The net tax savings to the couple would be having the dividends taxed in Marian’s hands at the lowest rate instead of in Harold’s hands at the highest rate. The savings are offset slightly by having the $10,000 of interest on the promissory note taxable to Harold at the highest rate for interest income. This interest paid, however, is tax deductible to Marian at her low tax rate as the interest was paid for the purpose of earning income, namely the dividends.

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The rush to beat the Sept. 30 deadline is that in order to avoid the attribution rules from applying to a spousal loan such as this one, you need only pay interest at the prescribed rate in effect at the time the loan was originally extended. In other words, if you establish the loan during a quarter in which the prescribed rate is two per cent, as it currently is, you can use that rate for the duration of the loan, even if the prescribed rate rises in the future. Note that there need not be an end date to the loan, which could be simply repayable upon demand.

If Harold procrastinates and delays implementing the spousal loan until Oct. 1 (or later), Marian would have to pay $15,000 ($500,000 times three per cent) back to Harold to be taxed at the highest rate, instead of $10,000.

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This strategy can also be used to help fund kids’ or grandkids’ expenses, such as private school and extracurricular activities, by making a prescribed-rate loan to a family trust. The trust then invests the money and pays the net investment income, after the interest on the loan, to the kids either directly or indirectly by paying their expenses. If the kids have zero or little other income, this investment income can be received perhaps entirely tax-free.

Jamie.Golombek@cibc.com

Jamie Golombek, CPA, CA, CFP, CLU, TEP is the Managing Director, Tax & Estate Planning with CIBC Private Wealth in Toronto.

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Jamie Golombek: Recently amended rules relax definition of a first-time homebuyer for some separated couples

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With residential real estate sales slowing in recent weeks and market values dropping in some of Canada’s hotter urban markets, some first-time homebuyers are taking a closer look at their finances to determine if now is the right time to jump into homeownership. For many, the determinative factor may very well be the amount they’ve saved for a down payment.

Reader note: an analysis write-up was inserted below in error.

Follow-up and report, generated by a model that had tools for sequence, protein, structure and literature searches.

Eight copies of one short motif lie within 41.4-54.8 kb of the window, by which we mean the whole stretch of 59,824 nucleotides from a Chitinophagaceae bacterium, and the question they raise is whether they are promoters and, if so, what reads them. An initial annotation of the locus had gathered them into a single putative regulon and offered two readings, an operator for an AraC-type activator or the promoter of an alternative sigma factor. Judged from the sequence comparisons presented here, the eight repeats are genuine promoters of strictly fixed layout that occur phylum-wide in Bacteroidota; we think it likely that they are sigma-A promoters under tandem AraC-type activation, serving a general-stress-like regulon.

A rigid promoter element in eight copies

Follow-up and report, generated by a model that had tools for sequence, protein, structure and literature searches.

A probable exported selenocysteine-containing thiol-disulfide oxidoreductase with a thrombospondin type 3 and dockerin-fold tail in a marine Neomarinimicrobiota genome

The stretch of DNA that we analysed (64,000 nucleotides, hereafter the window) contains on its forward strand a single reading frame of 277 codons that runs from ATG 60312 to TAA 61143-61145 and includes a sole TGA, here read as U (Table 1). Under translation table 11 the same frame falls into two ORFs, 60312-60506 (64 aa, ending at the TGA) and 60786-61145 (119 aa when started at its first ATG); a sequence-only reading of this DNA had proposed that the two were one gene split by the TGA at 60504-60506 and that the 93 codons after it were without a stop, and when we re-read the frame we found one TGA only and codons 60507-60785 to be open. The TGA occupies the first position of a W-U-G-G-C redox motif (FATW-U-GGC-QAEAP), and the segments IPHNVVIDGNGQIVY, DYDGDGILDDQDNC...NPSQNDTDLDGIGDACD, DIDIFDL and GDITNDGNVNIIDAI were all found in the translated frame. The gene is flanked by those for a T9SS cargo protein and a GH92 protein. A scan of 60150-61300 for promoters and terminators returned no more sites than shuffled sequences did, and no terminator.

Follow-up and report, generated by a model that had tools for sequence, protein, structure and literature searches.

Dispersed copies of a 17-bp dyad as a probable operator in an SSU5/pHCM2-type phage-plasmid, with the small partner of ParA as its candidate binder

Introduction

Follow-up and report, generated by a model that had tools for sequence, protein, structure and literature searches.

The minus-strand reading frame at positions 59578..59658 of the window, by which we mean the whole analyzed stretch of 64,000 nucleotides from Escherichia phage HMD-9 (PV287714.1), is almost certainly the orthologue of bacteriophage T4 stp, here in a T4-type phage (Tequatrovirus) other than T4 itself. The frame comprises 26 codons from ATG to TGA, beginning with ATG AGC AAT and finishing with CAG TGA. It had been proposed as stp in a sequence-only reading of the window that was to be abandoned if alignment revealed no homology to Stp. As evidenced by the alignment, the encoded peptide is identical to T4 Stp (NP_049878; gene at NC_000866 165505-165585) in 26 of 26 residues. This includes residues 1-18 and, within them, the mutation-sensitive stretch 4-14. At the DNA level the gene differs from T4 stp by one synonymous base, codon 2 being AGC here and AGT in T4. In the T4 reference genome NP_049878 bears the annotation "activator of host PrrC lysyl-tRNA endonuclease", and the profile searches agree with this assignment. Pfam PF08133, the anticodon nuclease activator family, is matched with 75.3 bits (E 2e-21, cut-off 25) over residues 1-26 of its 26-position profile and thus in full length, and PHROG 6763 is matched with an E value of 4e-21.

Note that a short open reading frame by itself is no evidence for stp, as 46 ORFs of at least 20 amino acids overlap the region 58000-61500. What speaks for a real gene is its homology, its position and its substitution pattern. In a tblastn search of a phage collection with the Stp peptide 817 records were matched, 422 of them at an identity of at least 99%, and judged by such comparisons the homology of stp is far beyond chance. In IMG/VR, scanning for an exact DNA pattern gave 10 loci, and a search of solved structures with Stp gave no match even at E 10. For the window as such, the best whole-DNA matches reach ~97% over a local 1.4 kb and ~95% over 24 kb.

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While we continue to await details of the planned launch of the Tax-Free First Home Savings Account in 2023, many first-time homebuyers are currently turning to their Tax-Free Savings Accounts (TFSA) and, in some cases, to their Registered Retirement Savings Plans (RRSP) via the Home Buyers’ Plan (HBP), to come up with a lump sum for a down payment.

A recent technical interpretation letter from the Canada Revenue Agency sheds some positive light on how the recently amended HBP rules can help some separated or divorced couples use their RRSPs to buy a home. But before jumping into the new rules, let’s review the basics of the HBP.

As a reminder, the HBP allows a “first-time homebuyer” to withdraw up to $35,000 from an RRSP to purchase or build a first home without having to pay tax on the withdrawal. Amounts withdrawn under the HBP must be repaid to an RRSP over a period not exceeding 15 years, starting the second year following the year of the withdrawal. Amounts not repaid in a particular year, as required, must be included in income.

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So, what exactly is a first-time homebuyer? You’re considered a first-time homebuyer if, in the four-year period prior to purchasing a home, you did not occupy a home that you owned, or one that your current spouse or common-law partner owned. That four year period begins on Jan. 1 of the fourth calendar year before the year you withdraw funds from your RRSP under the HBP, and ends 31 days before the date you withdraw the funds. For example, if you are withdrawing the funds under the HBP on July 31, 2022, the period is from Jan. 1, 2018 to June 30, 2022.

The good news for taxpayers who are separated, divorced or experienced a common-law partnership breakdown, is that the definition of first-time homebuyer was relaxed as of 2020. Under the new rules, the Income Tax Act now permits an individual who would not otherwise be considered a first-time homebuyer under the HBP at the time of the withdrawal to be considered a first-time homebuyer if, at the time of withdrawal, they are living separate and apart from their spouse or common-law partner because of a breakdown of their marriage or common-law partnership for a period of at least 90 days, and they began living separate and apart in the year of HBP withdrawal or in the four preceding calendar years.